US couple touched an endangered seal while on honeymoon in Hawaii – and got a hefty fine

<p>The couple posted a video of their surprise encounter on social media</p>

The couple posted a video of their surprise encounter on social media


Exploring the local flora and fauna is one of the joys of going abroad, but it doesn’t always go well.

It’s common knowledge that taking seashells or fragments of coral can lead to fines or even jail time in some countries, but not everyone knows that simply touching an animal can get you in a world of trouble.

A couple from the US state of Louisiana learned this the hard way, however, after they were slapped with a hefty fine for touching an endangered monk seal while on their honeymoon in Hawaii.

Authorities were alerted to the reckless act after a video posted to TikTok showed a woman touching the mammal at a Kauai beach in June.

In the clip, she can be seen posing with the animal before darting away after it suddenly raises its head and snaps at her.

The footage was later shared across other social media platforms, racking up more than 70,000 views on Instagram alone.

It’s a crime to touch or harass a Hawaiian monk seal under state and federal laws, with penalties of up to five years in prison and a $50,000 (£36,000) fine.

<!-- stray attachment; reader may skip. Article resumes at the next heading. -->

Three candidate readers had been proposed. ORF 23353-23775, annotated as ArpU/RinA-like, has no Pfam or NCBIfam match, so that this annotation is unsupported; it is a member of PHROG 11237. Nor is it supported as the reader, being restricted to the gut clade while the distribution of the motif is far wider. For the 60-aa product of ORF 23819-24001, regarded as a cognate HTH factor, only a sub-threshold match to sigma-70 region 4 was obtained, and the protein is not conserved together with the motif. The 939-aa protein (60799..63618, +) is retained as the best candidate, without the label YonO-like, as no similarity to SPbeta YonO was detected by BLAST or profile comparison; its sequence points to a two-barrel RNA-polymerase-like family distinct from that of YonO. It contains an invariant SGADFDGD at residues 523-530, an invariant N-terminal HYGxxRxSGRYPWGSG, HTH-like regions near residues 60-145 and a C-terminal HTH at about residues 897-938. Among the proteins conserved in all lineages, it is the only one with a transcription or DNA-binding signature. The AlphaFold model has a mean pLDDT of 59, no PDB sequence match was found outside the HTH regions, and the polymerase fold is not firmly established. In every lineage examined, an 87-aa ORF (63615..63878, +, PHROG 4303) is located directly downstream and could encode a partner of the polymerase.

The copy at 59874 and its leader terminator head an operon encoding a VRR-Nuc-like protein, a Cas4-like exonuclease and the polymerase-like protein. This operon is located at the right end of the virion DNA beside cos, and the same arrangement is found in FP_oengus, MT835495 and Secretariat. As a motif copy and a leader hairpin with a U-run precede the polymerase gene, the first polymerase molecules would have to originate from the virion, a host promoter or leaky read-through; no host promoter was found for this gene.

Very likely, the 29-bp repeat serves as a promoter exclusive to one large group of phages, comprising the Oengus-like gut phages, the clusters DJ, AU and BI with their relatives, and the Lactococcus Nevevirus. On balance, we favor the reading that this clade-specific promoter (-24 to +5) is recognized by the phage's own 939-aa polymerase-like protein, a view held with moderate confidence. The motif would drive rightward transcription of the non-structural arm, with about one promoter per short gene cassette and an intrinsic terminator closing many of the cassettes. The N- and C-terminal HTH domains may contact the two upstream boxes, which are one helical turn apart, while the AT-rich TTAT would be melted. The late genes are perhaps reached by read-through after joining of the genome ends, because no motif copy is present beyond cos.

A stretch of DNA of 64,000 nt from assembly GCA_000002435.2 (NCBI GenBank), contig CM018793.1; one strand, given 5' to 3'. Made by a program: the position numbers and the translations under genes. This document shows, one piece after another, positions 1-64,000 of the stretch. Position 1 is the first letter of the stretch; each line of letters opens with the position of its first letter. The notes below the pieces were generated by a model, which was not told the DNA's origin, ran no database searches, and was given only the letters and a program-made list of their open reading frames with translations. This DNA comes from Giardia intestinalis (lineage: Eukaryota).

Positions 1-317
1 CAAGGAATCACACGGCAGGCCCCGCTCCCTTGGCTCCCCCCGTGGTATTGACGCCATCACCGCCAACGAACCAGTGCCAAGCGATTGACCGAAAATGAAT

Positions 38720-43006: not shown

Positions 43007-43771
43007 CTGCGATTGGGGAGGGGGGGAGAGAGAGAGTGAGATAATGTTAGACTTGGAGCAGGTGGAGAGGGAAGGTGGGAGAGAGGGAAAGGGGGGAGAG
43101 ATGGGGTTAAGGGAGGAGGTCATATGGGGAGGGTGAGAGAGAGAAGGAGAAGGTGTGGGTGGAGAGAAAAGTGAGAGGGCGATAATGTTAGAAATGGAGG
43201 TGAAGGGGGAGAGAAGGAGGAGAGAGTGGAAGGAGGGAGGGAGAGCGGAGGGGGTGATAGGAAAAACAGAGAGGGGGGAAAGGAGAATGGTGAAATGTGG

There are just 1,100 of the animals left in the Northwestern Hawaiian Islands and 300 in the main Hawaiian Islands, according to official estimates.

The husband in the disgraced couple, named only as Stephen, said he and his wife were both “deeply sorry,” for their actions.

He told the Honolulu Star-Advertiser: “We love Hawaii and the culture. We didn’t mean to offend anyone.”

Stephen explained that it was the first time they’d seen one of the seals and were unaware of the laws protecting the endangered species.

“We didn’t see no signs. We didn’t know anything,” he told the paper. “But I know that’s no excuse.”

He added that he and his wife had received death threats since the footage of their encounter went viral on social media, so asked that their full names not be given. Her TikTok account – where the video was originally posted – has since been set to private.

The seal wasn’t happy about being disturbed@lakynnichole/TikTok

Authorities from the National Oceanic and Atmospheric Administration (NOAA) contacted the couple over the weekend and handed them an undisclosed fine, according to the Star-Advertiser.

Dominic Andrews, a spokesman for NOAA’s Office of Law Enforcement, said an investigation was underway and declined to comment further.

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